Happy workers are good for business. We can all agree on this, right? Regardless of whether you’re a glass or glazing company, a Fortune 500 behemoth or a small diner in the middle of nowhere, the well-being of your employees directly impacts your business.

But did you know that one in five people experience mental health problems yearly? This is according to the World Economic Forum, which sought to explain why companies should care about their employees. Mental health problems are widespread. In fact, Gallup’s State of the Global Workplace: 2022 report found that 60% of people reported being emotionally detached at work and 19% were miserable.

In the U.S., 50% of workers reported feeling stressed at their jobs on a daily basis, 41% as being worried, 22% as sad and 18% as angry. The report indicates workers’ unhappiness stems largely from how they are coached, managed and treated. Photo courtesy of Ben White.

In the U.S., 50% of workers reported feeling stressed at their jobs on a daily basis, 41% as being worried, 22% as sad and 18% as angry. The report indicates workers’ unhappiness stems largely from how they are coached, managed and treated. Another crucial factor is the stigma behind mental health, says Dustin Anderson, president of Anderson Glass in Waco, Texas, and co-founder of The Alone Effect Inc.

“There’s a stigma that goes along with vulnerability,” says Anderson. “You won’t get your average blue-collar workers to admit they’re struggling. It doesn’t matter if you say, ‘Hey, are you okay?’ The answer is going to be, ‘Yes.’ Even if they’re not.”

That stigma often comes from a lack of understanding or fear, reports the American Psychiatric Association. People will avoid or delay treatment because they fear losing their jobs and livelihood. A report in The Lancet found that “while the public may accept the medical or genetic nature of a mental health disorder and the need for treatment, many people still have a negative view of those with mental illness.”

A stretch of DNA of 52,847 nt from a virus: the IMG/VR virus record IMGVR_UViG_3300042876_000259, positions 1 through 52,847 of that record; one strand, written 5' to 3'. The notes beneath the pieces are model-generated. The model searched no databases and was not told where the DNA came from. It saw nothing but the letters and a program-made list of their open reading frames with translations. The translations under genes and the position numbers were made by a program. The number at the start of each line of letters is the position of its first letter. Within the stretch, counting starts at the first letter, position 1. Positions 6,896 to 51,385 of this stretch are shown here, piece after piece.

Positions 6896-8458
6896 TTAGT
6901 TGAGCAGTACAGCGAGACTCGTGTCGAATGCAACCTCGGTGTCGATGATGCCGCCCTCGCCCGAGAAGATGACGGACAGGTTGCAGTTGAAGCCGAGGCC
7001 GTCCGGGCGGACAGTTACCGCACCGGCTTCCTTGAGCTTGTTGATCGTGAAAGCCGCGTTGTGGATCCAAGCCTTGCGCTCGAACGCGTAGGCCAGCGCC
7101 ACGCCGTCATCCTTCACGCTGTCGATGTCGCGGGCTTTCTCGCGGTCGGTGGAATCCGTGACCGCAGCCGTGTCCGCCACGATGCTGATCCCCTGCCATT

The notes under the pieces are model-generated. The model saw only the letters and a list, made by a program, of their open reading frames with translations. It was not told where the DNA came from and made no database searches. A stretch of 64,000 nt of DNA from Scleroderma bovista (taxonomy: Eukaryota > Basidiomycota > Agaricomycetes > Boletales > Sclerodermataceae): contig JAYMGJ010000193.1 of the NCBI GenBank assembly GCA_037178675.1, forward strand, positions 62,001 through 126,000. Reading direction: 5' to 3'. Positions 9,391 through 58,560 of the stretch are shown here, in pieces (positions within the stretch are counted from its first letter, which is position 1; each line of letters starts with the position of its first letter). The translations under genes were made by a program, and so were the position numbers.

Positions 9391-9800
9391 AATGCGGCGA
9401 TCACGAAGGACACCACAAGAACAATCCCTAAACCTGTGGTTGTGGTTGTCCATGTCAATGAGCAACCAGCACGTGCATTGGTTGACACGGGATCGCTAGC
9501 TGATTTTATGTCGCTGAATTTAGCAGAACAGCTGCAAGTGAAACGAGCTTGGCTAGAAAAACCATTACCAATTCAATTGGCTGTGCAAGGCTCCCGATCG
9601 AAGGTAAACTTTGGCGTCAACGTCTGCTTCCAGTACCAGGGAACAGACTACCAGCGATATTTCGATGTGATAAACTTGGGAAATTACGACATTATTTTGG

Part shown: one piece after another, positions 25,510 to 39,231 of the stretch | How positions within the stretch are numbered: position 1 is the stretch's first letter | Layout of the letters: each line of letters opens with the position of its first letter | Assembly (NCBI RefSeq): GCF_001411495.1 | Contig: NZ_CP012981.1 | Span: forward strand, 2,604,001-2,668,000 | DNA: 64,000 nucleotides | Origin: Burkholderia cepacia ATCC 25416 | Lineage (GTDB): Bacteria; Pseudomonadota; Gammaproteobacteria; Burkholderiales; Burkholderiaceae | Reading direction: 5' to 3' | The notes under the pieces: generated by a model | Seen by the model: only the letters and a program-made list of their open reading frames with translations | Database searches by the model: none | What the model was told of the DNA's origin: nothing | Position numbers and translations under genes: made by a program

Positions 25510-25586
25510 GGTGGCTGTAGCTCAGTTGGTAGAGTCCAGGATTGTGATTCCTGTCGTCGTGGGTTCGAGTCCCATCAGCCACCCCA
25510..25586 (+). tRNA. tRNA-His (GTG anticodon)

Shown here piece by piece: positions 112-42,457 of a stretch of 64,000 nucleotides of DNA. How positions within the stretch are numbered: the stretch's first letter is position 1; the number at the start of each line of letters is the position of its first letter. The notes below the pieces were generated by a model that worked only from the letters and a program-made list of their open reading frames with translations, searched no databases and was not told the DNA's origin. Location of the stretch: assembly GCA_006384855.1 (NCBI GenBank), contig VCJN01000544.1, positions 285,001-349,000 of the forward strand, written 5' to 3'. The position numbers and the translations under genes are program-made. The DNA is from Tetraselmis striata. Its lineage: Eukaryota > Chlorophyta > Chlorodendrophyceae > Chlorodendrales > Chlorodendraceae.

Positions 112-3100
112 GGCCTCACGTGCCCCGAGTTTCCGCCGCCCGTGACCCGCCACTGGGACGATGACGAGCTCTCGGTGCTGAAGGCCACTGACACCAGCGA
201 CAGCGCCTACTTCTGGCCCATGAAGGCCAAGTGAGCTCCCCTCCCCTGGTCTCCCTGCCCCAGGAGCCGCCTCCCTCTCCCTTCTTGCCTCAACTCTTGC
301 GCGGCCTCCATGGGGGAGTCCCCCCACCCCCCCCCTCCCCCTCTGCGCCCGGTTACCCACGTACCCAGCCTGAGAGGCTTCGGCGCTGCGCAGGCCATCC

That’s a problem, especially if those looking down on workers are executives, says Anderson. Executives must foster a welcoming atmosphere that embraces open dialogue, enabling employees to feel comfortable discussing problems.

“The biggest thing is knowing your employees on a level other than your basic employer/employee relationship so that you can know what’s going on with their lives,” says Anderson. “You can find out really quick when you have a conversation with an employee about their life. This includes their financial situation, time away from work and work-related stress. You have employees that take work home no matter what. They’re thinking about that installation tomorrow or being yelled at on the jobsite. Those things are all impactful. An open-door policy, and not just saying you have an open-door policy, is huge.”

Research conducted by the World Economic Forum found that if an organization actively promotes good mental health and provides support, it is more likely to benefit financially. Interventions come in various forms, including cognitive behavioral therapy. Evidence supports that involving occupational health professionals effectively reduces sick leave and encourages people to return to work after a substantial leave of absence.

One of the keys is finding the right therapist, says Anderson. The sessions don’t even have to occur in a physical location. Anderson explains that his relationship with his therapist happened remotely following a chance meeting. However, different people have different preferences. They just need to take the first step.

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